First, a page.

“What is the point of this again?”
That’s the question my thirteen-year-old recently asked on a gorgeous afternoon as she flew through the trees on a zip line about twenty feet above the ground. Teen daughter’s angst one, weary father’s plan zip (literally).
I had been trying to find an outdoorsy adventure to wow my two daughters. The trip thrilled my ten-year-old, but my teen’s surprising reaction led to a gentle accusation: “Dad, I think you wanted boys instead of girls.”
“That’s not true,” I assured her. Then I had to smile to myself about the long road to my daughters’ very existence. When my wife, Michele, and I met back in college, having children was not in our plans. Michele never saw herself with kids because she knew that as a physician she would never have the time to be the stay-at-home mom her mother had been. And I certainly did not see myself as a stay-at-home father at that time.
These thoughts reverberated as I read Stew Friedman’s new book, Baby Bust: New Choices for Men and Women in Work and Family. The book analyzes a survey of male and female graduates of the Wharton School at The University of Pennsylvania in 1992 and 2012. Among the striking conclusions is that in their sample, “the rate of college graduates who plan to have children has dropped by about half over the past 20 years.” The sample is rather privileged, but Friedman’s research is consistent with other studies documenting a “baby bust” for Millennials—both men and women.
There are several negative reasons for the bust, but two stand out: Millennials can expect to work about 14 more hours per week than Gen Xers did at their age (hello 24/7 “smart” phone access), and student debt continues to grow (hello soaring tuition and dwindling aid). On the other hand, a key positive reason for the baby bust is increasing gender role flexibility (goodbye pressure to equate parenthood with fulfillment, especially for women).
For Friedman, a related benefit of increasing gender flexibility is the emergence of the stay-at-home dad, which he likens to women’s “new knight in shining armor.” As a veteran at-home dad, I am flattered but also ambivalent. Like Friedman, I applaud the fact that Millennial men feel greater freedom to “provide” for their families via childcare and domestic work.
The word “knight,” however, implies that I somehow saved a “damsel” in distress (not to mention there’s no “knight” equivalent for at-home mothers). You might say a “knight in milk-stained pajamas” rescued a “damsel with multiple degrees,” but even that is riddled with contradictions.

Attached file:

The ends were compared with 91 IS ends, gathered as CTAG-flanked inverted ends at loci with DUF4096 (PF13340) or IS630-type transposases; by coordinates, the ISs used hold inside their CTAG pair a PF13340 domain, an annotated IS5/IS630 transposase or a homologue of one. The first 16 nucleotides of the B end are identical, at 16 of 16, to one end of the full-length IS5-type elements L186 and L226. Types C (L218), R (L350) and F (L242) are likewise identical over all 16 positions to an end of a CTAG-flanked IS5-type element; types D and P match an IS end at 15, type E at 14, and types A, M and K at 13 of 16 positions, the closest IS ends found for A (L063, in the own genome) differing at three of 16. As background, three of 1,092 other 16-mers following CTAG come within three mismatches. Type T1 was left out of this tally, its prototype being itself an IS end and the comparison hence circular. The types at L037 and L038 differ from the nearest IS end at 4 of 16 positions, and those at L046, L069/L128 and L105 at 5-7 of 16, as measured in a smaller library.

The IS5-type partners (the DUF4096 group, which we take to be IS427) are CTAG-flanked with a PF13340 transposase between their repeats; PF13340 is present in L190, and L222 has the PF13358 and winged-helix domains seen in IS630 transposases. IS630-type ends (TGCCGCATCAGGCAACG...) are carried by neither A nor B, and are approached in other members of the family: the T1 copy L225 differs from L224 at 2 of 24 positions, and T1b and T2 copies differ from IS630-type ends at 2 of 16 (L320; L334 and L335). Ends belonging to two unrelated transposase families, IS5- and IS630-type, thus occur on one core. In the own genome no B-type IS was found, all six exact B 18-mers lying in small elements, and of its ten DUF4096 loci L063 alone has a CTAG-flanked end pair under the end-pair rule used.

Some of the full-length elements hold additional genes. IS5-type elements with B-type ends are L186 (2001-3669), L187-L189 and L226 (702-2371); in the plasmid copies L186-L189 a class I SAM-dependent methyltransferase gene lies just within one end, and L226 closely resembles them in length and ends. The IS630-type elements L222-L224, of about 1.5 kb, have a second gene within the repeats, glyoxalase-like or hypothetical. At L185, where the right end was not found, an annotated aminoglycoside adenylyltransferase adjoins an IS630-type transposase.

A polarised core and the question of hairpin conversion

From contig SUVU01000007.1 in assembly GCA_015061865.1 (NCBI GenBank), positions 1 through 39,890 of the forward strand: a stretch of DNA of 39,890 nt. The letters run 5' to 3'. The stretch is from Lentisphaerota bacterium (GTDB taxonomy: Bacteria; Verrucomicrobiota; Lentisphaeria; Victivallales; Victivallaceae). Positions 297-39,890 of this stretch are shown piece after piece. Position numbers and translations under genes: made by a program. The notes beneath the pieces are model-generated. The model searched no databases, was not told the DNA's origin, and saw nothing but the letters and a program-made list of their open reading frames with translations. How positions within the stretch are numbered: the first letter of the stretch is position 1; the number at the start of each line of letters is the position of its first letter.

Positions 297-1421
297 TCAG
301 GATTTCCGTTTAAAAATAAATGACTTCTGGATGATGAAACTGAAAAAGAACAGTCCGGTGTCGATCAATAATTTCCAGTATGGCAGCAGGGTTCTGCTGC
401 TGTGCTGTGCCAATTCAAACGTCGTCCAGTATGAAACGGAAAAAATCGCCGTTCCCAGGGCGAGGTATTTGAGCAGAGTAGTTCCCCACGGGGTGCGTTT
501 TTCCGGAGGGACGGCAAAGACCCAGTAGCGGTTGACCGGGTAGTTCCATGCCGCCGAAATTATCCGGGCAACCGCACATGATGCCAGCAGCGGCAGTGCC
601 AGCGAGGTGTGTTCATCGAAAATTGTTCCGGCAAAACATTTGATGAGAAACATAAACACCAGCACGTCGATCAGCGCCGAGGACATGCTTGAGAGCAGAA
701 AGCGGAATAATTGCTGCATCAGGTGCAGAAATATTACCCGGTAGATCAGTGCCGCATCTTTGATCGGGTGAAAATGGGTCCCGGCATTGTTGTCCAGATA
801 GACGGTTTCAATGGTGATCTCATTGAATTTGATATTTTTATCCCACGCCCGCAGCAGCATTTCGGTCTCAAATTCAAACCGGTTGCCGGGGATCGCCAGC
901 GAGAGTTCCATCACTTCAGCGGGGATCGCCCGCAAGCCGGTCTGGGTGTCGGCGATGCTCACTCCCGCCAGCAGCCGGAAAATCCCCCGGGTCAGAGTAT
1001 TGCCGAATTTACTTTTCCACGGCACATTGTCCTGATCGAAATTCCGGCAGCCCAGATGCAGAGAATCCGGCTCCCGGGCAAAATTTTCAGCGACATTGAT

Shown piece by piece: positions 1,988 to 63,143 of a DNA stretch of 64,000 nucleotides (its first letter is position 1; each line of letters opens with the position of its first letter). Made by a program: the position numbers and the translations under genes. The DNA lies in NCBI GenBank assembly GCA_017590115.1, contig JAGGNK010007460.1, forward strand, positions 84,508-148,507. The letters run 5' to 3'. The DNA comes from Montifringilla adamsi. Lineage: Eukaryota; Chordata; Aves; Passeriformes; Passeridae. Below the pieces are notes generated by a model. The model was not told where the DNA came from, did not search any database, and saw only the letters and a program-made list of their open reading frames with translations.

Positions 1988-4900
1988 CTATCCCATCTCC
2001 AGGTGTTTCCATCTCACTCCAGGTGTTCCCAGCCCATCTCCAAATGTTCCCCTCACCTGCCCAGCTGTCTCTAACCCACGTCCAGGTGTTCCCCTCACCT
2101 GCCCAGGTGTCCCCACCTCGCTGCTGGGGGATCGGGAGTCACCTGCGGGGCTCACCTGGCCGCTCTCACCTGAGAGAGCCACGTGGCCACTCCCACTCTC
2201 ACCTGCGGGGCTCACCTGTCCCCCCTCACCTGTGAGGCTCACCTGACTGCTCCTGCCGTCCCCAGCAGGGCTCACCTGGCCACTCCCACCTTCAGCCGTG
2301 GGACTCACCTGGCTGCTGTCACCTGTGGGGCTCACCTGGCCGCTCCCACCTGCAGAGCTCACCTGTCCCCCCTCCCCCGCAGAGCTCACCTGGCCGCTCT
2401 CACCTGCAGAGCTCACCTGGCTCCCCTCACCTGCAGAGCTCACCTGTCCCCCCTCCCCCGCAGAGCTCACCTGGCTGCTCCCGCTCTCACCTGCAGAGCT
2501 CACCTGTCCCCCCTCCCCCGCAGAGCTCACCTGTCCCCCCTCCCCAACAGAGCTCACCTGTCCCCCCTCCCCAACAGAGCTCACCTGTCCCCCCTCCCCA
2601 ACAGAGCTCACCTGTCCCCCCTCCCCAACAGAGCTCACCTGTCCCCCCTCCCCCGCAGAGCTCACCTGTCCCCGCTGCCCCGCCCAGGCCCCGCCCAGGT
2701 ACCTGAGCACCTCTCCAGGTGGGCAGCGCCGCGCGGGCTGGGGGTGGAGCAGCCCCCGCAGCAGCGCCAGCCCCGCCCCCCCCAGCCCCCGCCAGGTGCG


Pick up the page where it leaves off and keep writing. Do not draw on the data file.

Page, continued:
“Sheryl Sandberg’s “lean in” language is probably more appropriate here, though I would say Michele and I have been leaning “on” each other for years to make our family and work lives, well, work.”
Sheryl Sandberg’s “lean in” language is probably more appropriate here, though I would say Michele and I have been leaning “on” each other for years to make our family and work lives, well, work. In this sense we have been Millennials in Gen Xers’ clothing, but we remain extremely grateful that we’ve had the luxury of the at-home option.
Ironically, much of our mutual rescue story involves plans gone astray. After college, Michele and I raced to terminal degrees and started working – she in a medical residency, me as a full-time Lecturer at the University of Michigan. Only a few years later did we think seriously about parenthood, and for a variety of reasons (mainly financial), I decided to become a stay-at-home dad.
My plunge into at-home parenting was more cannonball than graceful dive, but that’s another story. In fact, so much “Dad out of water” absurdity ensued, I recently finished a memoir about the journey that I hope to publish soon. A chapter on my firstborn’s colic is titled “Take This Onesie and Shove It.”
Though Michele and I gradually changed our initial “baby bust” mentality, the work/family balance problems facing Millennials need to be addressed, even for those couples who finally feel liberated to opt out of parenthood by choice. The reason is that childless (or “child-free”) couples are still likely to end up caregivers someday—for their aging parents.
Friedman offers helpful strategies to increase flexibility in work hours and decrease debt. I agree that flexibility is essential for meeting the inflexible needs of both babies and elderly parents. My at-home arrangement has been invaluable as siblings and I face a divorced mother in the early stages of Alzheimer’s disease and a widowed father-in-law who needs frequent long-recovery heart surgeries. (For decades, my father-in-law worked on a Ford assembly line in a world of fixed gender roles, so my comical caregiving scenes with him feel like an “Odd Couple” remake from different eras of masculinity.)
Such absurd gender moments always constitute a “first” for me, which brings me back to that zip line. Shortly after my teen’s “pointed” question from the trees, we saw a plaque in a nearby boutique that read: “When was the last time you did something for the first time?” I pounced and used it to justify the zip line; she smiled begrudgingly and continued texting. Weary parent ties game.
I realize now that as an at-home dad of two daughters, I do something for the first time virtually every day. (Recently I watched a full episode of “Say Yes to the Dress,” for example.) And I like to think all those little experiments are baby steps toward increasing gender role flexibility in the world my daughters will inherit—a cultural process that sometimes seems to move at the speed of Godot.
In similar terms, Friedman outlines a system of experimentation towards the end of his book, with the goal of furthering “the idea that men and women can and must have freedom of choice in how they live, work, and contribute to making the world better for the generations to come.” In my mind’s do-over, that’s what he and I yell to my dead-eyed teen as she zips through the trees.